ISO 3200 no Noise reduction
V1 ISO 3200 no Noise reduction full shot 10mm F2.8 1/8 second.

 

100% crop ISO 3200 from RAW, no noise reduction
100% crop ISO 3200 from RAW, no noise reduction

 

There is some colour noise and luminance noise visible, but in my opinion it’s not that bad considering the conditions it is shot under, the small writing is still visible and a good amount of pattern detail. Even with the standard noise reduction in Lightroom this one cleans up reasonably well- certainly good enough for web-use and record shots.

I remember my D200 at ISO 3200 sometimes produced noise bands right across the image when used in conditions like this… not usable. To me the V1 at ISO 3200 looks like the D200 at between ISO 800 and ISO 1600.  If not even better than that so in real life use I’m pleased. I’m not going to use it commercially like this, and of course, lower noise high ISO is always welcome as it could enable me to shoot at higher shutter speeds than 1/8 in conditions like this in order to capture moving subjects in dark conditions… BUT for me this is fine for most normal uses. I do have a flashgun as well of course…

 

So what else do I love about the V1?

The metering system, I may have mentioned in the other review but it’s worth reiterating as it’s true the exposure metering system on the V1 is excellent and even charged with every difficult high-contrast situations, i.e. shooting directly into hard sun it does a good job- up to the limits of the sensor dynamic range of course. It’s just really reliable. I leave mine on matrix metering nearly all the time.

Lion cub with V1 and 30-110mm VR
Lion cub with V1 and 30-110mm VR. 1/320 sec, F6.3, ISO 800

The autofocus of course is one of the big features of the 1-system cameras, they have combined dual-AF systems that are fast and accurate to lock on in good light and reasonable as can be expected in poor light. It’s a very impressive system. I rarely have problems with missing focus except if I have face detection switched on and the V1 thinks it sees a face elsewhere in the shot that doesn’t actually exist it then may switch focus unexpectedly from your intended target… however that’s rarely an issue and in general the system works very well. Face AF can be turned off too.

The video mode, as I said in the previous review the video quality is good, and I’ve found that the feature of being able to take high resolution stills at the same time as video recording is a hugely useful feature. The camera can take up to 20 fine quality, high resolution (using the full 10 megapixels but cropped to 10:9 aspect ratio) jpegs while continuing to record 1080p video.  This is a rare feature that not many cameras can achieve, most will only take 1080p resolution stills (i.e. grabs from video) or will stop recording to take a high resolution photo. The Sony RX100 does also have this feature (along with a higher resolution sensor) but not many cameras do – and certainly none that I know of at a price point like the current price of the V1.

I’ve used this feature for videoing speeches at leaving do’s etc I can capture the entire speech and audience reactions on film without stopping and also capture candid stills at the same time. I have found this to be very useful. Although they are only Jpeg rather than RAW files, the stills have given good quality images and are perfectly usable. The sound of the shutter button being pressed for the stills doesn’t seem to register on the video – though you have to be careful not to wobble the camera too much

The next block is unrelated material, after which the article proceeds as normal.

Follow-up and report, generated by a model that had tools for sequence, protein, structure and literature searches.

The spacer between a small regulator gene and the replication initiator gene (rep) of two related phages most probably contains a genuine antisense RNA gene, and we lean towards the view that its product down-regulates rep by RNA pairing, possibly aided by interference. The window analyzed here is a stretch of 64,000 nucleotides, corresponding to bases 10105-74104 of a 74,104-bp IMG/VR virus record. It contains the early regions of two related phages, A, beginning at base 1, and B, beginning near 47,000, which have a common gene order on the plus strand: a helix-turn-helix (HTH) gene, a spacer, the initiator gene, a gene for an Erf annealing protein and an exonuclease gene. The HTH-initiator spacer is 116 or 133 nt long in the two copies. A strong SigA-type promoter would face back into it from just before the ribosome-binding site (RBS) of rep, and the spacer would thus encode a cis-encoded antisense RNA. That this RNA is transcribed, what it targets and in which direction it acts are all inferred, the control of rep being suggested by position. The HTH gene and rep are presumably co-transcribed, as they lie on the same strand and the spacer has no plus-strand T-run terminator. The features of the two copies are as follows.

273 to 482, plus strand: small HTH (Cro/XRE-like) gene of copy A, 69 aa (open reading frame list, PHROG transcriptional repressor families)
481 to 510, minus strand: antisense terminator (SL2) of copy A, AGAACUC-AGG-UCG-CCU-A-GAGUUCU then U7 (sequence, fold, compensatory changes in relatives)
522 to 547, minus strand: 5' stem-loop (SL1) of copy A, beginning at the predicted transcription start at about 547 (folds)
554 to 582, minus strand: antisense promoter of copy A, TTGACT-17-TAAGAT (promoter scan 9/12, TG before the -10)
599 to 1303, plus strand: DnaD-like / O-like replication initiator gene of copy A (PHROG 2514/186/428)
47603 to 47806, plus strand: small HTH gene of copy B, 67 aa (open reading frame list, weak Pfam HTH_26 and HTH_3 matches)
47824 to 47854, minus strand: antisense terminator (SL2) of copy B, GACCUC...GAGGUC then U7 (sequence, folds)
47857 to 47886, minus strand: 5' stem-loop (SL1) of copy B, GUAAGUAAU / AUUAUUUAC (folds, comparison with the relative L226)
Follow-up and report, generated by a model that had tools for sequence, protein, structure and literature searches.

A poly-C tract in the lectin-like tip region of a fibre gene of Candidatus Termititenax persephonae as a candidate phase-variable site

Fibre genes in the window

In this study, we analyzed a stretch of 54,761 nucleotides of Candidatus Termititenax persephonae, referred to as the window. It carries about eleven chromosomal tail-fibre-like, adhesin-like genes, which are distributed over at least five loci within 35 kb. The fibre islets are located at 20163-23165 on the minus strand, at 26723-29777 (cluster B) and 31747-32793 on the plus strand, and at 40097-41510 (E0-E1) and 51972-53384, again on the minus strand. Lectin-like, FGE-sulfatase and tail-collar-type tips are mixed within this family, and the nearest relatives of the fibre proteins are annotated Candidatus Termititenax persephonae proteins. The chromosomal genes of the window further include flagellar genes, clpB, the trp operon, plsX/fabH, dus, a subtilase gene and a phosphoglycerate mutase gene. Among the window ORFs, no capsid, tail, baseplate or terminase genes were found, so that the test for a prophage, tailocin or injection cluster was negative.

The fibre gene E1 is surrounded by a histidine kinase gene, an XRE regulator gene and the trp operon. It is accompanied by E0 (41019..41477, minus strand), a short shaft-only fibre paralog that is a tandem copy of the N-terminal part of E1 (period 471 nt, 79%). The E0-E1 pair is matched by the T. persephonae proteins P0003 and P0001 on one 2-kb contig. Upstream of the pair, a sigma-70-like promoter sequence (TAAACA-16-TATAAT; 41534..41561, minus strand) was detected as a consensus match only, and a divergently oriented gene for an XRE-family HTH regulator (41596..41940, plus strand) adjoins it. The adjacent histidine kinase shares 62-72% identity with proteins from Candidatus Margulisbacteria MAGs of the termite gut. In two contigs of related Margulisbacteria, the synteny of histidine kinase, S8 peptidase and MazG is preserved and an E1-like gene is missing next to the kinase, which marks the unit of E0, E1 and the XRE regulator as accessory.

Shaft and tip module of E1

I have actually also used the smart photo selector mode on occasion too. This does limit you to jpeg only and automatic control but it’s a clever mode that may stop you missing that significant moment. Say you’re waiting for something to happen that may happen very quickly compose the picture, half press the shutter, wait for it to happen and react as soon as you can to take the pic.. you may already be too slow but the V1 will present you with five images (out of several hundred it probably actually captured – it determines the best five to show to you) a couple of which will be from before you actually fully pressed the button and a couple after so you shouldn’t miss anything. Brilliant, though rarely that much use to me.

I love the selectable shutter as well. Having the ability to chose whether to use the nice sounding mechanical shutter (which I do most of the time) or switch to electronic shutter is excellent. I only use the electronic shutter if I want to resort to a high speed burst mode (massive FPS) or if I’m shooting somewhere where I want to be as discreet as possible and opt for totally silent operation.

Ending remarks

Some of the handling drawbacks raised in other reviews (the mode dial etc) have been addressed on the V2 but the V1’s strength vs the V2 is really still it’s amazing price for a camera that can produce superb results – in my opinion much better than most high end compacts and only now rivaled by compact cameras with large 1″ sensors like the Sony RX100. Which still cost more money than the current price of a V1 and doesn’t allow the flexibility of an interchangeable lens system. I’m personally still debating whether to buy a second body in case this one dies on me!

My thought still is, if you are interested in a small advanced camera, especially as a replacement for a compact camera and were considering say a Canon G series or Nikon Coolpix top end series) and don’t want to spend too much money, don’t hesitate to snap a V1 up while you still can, whether secondhand or not they are still out there at a great price.

 

If you’re a V1 or other Nikon 1 system user take a look at the Facebook fan group for Nikon V1 and 1 system enthusiasts!